A careful study of the Anis convinced me of the fact that a number of females are led by two or three males, and these males take great care of their charges. They utter cries of alarm when they perceive an intruder, and drive the females before them into a place of safety. I have even seen males fly against females or young birds which did not attempt to escape soon enough, and knock them off the limb on which they sat and then accompany them to a distant thicket.

I am inclined to think that the Ani is polygamous and this habit of the males taking care of a Dumber of females would appear to confirm this idea.

Mr. Taylor (Scott, 1892) gives a somewhat different impression, thus:
The Blackbirds at their best have a very lean and shabby appearance, and are slow and awkward in their movements. I have watched an individual make several ineffectual attempts to alight on the frond of a cocoanut palm; but even among the branches of other trees their actions appear awkward. Their flight is slow and gliding, somewhat labored, and of little duration, the birds often appearing to fall short of the point originally aimed at. Yet they will chase the large yellow butterflies, and I was shown a large green locust that one of these birds was seen to capture in flight and afterwards drop. In the progress of a flock from place to place they do not usually fly all together, but move away In straggling groups or couples. One or more individuals first start off with their wailing call, followed soon after by two or three; after a little delay then two more go; another pause, then one, then three, and so on. If a tree has very dense foliage they alight (with much awkward scrambling) on the tops or extremities of the highest branches, where they may gain a clear and uninterrupted view, and this is usually the case when they are traversing very open country.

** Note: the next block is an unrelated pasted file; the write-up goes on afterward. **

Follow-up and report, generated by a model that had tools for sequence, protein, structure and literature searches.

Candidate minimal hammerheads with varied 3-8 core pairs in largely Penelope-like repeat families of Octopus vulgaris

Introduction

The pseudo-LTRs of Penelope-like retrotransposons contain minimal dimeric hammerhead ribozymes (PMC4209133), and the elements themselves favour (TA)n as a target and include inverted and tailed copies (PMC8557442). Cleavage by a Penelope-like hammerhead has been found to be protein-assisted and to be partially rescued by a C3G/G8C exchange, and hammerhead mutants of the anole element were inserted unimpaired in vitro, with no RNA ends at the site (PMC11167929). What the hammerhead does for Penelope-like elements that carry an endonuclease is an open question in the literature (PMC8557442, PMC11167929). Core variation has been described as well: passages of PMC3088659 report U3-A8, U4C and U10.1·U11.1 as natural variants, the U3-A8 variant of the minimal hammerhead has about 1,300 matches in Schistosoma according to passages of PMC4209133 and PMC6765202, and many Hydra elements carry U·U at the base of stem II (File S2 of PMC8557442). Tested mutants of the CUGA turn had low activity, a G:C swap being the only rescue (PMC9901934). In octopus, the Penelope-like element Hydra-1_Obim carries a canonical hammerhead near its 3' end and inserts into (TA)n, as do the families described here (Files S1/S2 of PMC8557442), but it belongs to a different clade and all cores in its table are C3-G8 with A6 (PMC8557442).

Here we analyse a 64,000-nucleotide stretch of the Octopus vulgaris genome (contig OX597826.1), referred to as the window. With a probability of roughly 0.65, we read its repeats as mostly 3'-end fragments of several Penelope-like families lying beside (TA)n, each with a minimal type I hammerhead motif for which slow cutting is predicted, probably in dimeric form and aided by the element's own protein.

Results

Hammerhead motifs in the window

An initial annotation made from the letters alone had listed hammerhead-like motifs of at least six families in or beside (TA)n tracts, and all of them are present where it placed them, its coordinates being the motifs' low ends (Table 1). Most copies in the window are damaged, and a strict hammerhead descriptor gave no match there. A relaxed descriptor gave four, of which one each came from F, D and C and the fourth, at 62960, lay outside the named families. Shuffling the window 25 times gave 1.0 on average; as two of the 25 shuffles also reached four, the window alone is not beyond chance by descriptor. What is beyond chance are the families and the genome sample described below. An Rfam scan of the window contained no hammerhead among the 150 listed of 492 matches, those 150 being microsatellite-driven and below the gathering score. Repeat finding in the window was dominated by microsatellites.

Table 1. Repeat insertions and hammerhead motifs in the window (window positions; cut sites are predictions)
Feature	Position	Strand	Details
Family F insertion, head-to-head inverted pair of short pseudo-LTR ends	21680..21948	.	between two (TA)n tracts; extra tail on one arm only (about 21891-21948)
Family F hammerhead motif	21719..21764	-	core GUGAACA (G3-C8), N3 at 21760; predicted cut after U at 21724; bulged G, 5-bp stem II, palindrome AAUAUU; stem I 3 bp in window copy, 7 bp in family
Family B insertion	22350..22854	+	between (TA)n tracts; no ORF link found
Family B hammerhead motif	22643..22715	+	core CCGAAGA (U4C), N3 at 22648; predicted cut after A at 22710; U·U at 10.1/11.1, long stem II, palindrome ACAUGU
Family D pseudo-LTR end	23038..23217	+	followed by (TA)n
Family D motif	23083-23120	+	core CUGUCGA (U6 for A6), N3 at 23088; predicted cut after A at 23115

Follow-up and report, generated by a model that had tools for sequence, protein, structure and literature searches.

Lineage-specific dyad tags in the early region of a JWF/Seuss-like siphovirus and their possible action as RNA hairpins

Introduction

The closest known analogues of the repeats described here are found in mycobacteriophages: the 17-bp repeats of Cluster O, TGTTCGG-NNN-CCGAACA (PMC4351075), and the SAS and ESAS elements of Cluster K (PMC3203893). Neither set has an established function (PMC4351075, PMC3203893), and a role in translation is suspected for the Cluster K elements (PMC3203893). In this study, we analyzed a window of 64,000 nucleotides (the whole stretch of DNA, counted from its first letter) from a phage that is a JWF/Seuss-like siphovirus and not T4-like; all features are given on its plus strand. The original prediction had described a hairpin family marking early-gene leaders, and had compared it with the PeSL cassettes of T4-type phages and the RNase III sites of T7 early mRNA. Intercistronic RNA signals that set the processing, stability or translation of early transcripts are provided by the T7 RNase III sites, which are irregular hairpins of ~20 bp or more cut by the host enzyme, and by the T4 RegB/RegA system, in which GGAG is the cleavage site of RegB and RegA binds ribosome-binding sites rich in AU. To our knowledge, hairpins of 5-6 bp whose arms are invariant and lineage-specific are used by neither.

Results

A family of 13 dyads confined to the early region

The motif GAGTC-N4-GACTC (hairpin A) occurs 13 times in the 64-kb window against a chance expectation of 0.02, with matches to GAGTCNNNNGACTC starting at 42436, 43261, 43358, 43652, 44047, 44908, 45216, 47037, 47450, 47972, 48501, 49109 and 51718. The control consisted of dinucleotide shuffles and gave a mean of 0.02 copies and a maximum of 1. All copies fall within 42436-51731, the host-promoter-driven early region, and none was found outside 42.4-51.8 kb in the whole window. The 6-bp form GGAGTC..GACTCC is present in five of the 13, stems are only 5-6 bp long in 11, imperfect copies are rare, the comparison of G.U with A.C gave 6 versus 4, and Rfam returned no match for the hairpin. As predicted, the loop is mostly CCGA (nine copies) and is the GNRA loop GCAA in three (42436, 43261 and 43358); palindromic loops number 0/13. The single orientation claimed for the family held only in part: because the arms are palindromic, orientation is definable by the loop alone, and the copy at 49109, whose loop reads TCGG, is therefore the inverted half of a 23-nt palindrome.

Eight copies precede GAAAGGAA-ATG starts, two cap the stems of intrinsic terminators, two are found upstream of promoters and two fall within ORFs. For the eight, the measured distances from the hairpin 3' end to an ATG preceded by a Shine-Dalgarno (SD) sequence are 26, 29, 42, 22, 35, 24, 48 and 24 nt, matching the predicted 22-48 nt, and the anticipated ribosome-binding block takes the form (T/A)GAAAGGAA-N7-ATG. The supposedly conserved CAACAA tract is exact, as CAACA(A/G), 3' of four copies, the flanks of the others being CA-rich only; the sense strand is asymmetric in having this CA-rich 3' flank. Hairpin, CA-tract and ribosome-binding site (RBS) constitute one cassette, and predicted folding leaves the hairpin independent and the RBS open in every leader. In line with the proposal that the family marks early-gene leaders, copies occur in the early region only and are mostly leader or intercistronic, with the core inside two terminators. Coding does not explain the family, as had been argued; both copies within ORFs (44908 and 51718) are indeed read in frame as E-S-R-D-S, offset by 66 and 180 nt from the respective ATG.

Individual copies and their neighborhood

Voice: The note of the ani has been called a wailing or a whining whistle; it has been said to resemble the notes of the -wood duck. Dr. Wetmore (1927) says: “The ordinary call-notes are a low kur-r-rk and a querulous quee ick, quee ick, varied by low chuckling notes. When the birds are at all wild, they serve to alarm the entire country, as they begin to call on the slightest provocation.” It has also been expressed as que-yitch, que-yuch, que-yuch by Gosse (1847) and similarly by others.